AgForce voices state budget upset
THE state budget was released only three days ago, but concerns have already been raised about the future of agriculture in Queensland.
AgForce CEO Michael Guerin said the headline program in the Agriculture and Fisheries portfolio was about shark netting program, which should make Queensland's farmers and rural and regional communities who depend on them feel "very afraid".
"It's clear the government doesn't understand agriculture or appreciate its vital importance to the economic, employment and social fabric of rural, regional and remote Australia," Mr Guerin said.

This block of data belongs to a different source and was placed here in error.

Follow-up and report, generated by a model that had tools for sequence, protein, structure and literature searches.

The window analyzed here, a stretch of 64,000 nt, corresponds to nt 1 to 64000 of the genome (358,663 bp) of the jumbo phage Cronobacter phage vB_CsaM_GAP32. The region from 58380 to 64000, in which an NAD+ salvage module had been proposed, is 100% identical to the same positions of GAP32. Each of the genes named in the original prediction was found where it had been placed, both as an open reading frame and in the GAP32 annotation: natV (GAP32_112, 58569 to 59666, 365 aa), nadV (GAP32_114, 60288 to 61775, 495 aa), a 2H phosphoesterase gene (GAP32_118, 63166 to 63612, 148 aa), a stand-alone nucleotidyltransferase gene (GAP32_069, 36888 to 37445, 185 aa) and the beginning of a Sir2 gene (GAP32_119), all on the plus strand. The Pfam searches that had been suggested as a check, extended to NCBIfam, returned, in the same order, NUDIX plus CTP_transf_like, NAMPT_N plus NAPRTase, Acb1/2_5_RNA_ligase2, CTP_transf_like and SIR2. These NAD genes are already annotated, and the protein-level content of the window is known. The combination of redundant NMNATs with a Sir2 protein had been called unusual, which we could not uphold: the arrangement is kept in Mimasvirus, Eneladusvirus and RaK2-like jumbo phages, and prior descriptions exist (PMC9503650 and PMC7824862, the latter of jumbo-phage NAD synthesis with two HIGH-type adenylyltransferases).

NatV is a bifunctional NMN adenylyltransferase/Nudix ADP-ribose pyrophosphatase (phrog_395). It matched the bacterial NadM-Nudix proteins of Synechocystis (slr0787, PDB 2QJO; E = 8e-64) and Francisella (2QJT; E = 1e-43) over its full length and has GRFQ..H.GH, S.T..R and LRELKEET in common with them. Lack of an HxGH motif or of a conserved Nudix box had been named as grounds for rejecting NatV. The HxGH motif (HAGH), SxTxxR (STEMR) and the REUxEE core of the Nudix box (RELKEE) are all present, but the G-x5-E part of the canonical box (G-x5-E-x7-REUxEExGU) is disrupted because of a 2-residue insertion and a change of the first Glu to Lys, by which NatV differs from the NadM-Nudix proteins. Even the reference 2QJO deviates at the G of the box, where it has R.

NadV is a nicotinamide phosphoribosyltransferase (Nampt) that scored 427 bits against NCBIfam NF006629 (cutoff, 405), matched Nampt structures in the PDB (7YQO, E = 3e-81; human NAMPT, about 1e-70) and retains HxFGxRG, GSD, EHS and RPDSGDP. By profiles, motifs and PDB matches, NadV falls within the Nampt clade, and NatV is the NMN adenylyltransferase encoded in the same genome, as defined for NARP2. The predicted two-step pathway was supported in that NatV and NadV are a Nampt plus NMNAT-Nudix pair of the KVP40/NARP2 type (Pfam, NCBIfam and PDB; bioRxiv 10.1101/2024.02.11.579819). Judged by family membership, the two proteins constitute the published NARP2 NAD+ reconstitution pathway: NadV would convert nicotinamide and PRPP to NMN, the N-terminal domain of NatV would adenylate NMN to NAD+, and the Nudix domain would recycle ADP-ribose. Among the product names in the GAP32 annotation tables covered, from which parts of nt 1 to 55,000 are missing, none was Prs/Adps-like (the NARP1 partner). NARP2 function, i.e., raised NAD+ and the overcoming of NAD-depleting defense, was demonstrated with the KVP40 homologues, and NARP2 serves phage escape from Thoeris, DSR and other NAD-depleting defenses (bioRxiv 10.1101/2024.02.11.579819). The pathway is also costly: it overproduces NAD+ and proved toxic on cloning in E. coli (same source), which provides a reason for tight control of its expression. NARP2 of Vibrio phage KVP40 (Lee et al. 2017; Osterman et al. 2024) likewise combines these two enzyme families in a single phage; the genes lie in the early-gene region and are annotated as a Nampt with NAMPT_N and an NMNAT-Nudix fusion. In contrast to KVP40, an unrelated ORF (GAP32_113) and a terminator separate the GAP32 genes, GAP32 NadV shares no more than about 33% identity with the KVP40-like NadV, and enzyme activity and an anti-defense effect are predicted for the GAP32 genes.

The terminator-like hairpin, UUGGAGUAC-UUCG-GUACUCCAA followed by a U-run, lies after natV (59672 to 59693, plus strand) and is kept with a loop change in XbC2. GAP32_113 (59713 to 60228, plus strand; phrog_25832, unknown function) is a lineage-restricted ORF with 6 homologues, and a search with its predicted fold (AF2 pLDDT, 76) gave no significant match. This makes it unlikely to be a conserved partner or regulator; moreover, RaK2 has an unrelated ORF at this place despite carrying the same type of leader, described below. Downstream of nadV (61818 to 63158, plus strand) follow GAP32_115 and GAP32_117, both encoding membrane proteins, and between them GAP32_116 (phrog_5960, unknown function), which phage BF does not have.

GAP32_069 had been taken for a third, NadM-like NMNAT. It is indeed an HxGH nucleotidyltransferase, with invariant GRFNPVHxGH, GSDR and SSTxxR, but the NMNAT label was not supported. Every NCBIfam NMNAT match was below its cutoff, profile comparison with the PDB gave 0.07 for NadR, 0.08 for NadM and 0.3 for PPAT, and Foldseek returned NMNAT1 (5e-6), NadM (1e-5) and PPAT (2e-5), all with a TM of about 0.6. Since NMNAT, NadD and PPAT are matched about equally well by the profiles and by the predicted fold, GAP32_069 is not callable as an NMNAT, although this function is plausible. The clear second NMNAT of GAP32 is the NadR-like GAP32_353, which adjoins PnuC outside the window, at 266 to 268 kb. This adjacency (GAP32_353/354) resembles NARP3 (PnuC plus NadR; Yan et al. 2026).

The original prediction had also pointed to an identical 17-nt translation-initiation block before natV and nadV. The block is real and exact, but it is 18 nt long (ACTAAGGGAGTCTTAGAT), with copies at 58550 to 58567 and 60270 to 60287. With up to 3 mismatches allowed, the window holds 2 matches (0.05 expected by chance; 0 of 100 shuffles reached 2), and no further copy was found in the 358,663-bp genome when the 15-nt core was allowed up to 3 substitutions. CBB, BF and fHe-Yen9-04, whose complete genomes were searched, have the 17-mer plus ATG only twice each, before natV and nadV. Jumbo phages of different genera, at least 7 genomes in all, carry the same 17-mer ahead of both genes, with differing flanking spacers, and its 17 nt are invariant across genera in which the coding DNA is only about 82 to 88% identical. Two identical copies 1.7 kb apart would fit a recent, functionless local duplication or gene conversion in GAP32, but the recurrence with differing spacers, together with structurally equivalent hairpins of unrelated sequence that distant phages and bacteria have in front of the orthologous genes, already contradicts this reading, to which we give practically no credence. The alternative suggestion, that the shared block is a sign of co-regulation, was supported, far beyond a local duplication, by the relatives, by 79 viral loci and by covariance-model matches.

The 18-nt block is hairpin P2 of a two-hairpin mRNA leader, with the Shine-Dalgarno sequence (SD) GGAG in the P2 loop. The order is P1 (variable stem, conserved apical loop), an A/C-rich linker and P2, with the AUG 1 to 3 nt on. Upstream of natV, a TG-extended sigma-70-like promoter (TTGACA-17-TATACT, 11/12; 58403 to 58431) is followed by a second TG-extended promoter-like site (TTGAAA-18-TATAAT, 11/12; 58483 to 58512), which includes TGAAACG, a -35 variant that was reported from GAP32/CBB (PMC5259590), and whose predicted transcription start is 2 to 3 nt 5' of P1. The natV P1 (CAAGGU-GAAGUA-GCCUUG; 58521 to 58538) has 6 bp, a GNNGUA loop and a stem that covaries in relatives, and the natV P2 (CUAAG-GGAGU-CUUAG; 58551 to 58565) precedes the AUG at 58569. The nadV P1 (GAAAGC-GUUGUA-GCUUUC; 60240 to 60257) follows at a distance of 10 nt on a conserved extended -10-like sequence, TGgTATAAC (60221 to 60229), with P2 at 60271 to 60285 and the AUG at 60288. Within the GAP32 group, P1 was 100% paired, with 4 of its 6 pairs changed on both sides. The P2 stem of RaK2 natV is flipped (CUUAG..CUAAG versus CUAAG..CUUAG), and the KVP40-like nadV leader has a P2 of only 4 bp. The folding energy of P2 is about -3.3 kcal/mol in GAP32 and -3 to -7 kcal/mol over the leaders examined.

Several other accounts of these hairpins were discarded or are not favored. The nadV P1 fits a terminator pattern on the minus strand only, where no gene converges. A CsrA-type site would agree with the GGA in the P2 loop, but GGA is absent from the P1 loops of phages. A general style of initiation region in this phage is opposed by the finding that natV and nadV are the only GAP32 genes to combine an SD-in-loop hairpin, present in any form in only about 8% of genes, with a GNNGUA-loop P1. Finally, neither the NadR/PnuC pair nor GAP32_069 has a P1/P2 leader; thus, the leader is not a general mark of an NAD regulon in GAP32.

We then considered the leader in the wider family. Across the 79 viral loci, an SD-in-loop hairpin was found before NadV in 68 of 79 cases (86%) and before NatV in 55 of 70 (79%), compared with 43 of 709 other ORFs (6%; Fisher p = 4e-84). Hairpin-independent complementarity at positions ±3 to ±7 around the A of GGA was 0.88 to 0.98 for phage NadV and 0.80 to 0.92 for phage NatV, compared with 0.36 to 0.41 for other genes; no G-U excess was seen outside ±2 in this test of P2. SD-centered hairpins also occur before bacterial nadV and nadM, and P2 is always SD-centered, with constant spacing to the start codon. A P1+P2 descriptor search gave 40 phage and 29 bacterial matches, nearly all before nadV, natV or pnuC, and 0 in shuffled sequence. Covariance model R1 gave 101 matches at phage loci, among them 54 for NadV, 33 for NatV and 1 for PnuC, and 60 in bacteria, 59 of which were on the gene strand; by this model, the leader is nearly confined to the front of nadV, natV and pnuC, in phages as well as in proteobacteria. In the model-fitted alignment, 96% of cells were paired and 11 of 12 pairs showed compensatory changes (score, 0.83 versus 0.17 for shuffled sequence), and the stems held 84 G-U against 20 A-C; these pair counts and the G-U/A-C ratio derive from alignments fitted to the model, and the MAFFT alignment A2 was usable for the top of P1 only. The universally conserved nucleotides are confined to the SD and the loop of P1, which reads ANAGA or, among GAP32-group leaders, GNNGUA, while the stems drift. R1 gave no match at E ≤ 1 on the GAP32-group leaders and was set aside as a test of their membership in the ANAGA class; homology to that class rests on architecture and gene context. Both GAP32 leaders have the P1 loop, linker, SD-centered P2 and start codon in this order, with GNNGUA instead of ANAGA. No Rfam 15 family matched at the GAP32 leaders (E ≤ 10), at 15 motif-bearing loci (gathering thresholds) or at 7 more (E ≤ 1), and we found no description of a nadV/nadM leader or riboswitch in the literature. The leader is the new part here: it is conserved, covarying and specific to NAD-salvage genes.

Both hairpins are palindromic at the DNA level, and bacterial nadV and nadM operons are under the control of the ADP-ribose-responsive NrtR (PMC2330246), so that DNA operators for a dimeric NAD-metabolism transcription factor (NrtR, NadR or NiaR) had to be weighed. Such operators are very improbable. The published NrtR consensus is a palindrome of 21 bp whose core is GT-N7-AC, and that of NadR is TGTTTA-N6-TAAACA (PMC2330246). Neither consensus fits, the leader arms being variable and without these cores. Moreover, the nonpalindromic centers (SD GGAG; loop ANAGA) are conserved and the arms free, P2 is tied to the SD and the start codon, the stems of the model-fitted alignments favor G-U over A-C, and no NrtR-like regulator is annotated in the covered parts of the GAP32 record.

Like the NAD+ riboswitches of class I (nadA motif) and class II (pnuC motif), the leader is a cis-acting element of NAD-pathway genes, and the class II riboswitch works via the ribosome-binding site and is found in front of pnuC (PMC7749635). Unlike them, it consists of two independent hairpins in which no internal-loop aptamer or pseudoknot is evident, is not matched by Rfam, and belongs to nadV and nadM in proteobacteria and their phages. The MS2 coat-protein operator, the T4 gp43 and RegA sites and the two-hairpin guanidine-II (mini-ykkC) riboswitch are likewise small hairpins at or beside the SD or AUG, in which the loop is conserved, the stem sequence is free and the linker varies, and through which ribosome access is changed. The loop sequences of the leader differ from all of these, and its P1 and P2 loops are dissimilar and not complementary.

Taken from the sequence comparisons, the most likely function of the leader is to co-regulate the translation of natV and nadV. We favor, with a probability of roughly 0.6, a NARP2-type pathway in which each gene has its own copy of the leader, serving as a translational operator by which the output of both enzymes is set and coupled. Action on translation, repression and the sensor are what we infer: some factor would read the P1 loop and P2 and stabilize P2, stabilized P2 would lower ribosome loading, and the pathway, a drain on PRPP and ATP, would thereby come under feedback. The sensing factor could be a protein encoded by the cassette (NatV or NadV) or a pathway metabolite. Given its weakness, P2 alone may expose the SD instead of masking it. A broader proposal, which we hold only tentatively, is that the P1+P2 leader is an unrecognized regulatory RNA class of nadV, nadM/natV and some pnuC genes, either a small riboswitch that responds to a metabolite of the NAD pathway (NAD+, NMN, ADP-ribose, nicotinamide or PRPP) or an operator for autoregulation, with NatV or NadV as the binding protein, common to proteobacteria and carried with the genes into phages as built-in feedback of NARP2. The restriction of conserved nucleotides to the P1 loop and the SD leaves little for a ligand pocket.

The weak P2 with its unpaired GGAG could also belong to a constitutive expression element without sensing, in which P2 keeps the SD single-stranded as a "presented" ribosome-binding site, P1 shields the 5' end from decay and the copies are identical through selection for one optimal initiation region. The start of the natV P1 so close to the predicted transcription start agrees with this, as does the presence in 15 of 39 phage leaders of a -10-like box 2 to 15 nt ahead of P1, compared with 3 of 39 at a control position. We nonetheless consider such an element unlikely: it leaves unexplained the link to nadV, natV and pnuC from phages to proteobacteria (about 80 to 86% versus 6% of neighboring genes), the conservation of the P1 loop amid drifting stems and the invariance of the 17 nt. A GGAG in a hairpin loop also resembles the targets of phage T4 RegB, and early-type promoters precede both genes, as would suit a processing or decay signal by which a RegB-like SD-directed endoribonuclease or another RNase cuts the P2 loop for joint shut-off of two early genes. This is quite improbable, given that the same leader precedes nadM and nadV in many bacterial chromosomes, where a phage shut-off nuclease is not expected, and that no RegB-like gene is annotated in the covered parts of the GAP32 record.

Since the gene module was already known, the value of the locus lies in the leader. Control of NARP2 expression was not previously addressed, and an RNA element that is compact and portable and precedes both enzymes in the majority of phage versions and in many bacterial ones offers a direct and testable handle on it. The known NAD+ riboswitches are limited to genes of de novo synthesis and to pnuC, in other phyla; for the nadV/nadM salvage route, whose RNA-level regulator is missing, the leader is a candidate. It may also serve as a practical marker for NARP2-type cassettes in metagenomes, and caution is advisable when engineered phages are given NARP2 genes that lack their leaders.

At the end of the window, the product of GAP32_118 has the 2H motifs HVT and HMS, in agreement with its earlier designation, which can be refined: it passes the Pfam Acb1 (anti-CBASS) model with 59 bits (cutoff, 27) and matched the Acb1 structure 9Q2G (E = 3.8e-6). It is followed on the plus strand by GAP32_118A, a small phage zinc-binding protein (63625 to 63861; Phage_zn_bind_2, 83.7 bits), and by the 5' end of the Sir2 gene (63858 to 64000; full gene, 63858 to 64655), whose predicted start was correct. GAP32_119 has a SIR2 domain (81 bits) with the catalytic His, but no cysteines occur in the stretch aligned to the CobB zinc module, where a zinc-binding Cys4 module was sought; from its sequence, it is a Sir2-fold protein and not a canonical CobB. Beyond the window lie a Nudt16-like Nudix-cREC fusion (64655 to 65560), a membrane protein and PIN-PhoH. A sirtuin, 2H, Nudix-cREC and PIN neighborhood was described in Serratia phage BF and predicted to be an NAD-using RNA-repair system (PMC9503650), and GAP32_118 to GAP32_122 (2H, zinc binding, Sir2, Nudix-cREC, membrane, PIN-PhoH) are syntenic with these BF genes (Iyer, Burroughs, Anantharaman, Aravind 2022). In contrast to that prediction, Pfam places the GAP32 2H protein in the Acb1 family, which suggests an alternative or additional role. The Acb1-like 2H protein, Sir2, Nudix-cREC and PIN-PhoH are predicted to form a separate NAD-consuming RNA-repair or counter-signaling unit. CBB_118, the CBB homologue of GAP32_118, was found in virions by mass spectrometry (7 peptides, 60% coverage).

Additional funding for ongoing drought management, Great Artesian Basin capping and piping projects, and improved fire management on state land would be welcomed at AgForce, yet Mr Guerin voiced his concerns that there wasn't a comprehensive strategy behind the spending.
He said the agricultural industry contributed nearly $14 billion to the Queensland economy every year, yet the government continued to demonstrate that it had no vision for its ongoing growth and sustainability.
"The best way to support regional Queensland is by developing a visionary road map of the agribusiness and food production sectors that contribute so much to these communities," Mr Guerin said.
"A concrete plan like that would support employment growth and encourage private sector investment."
Primary industries and regional communities are set to receive $7 million over two years to transition Queensland Agricultural Colleges to a more modern training model after they are shut down at the end of the year.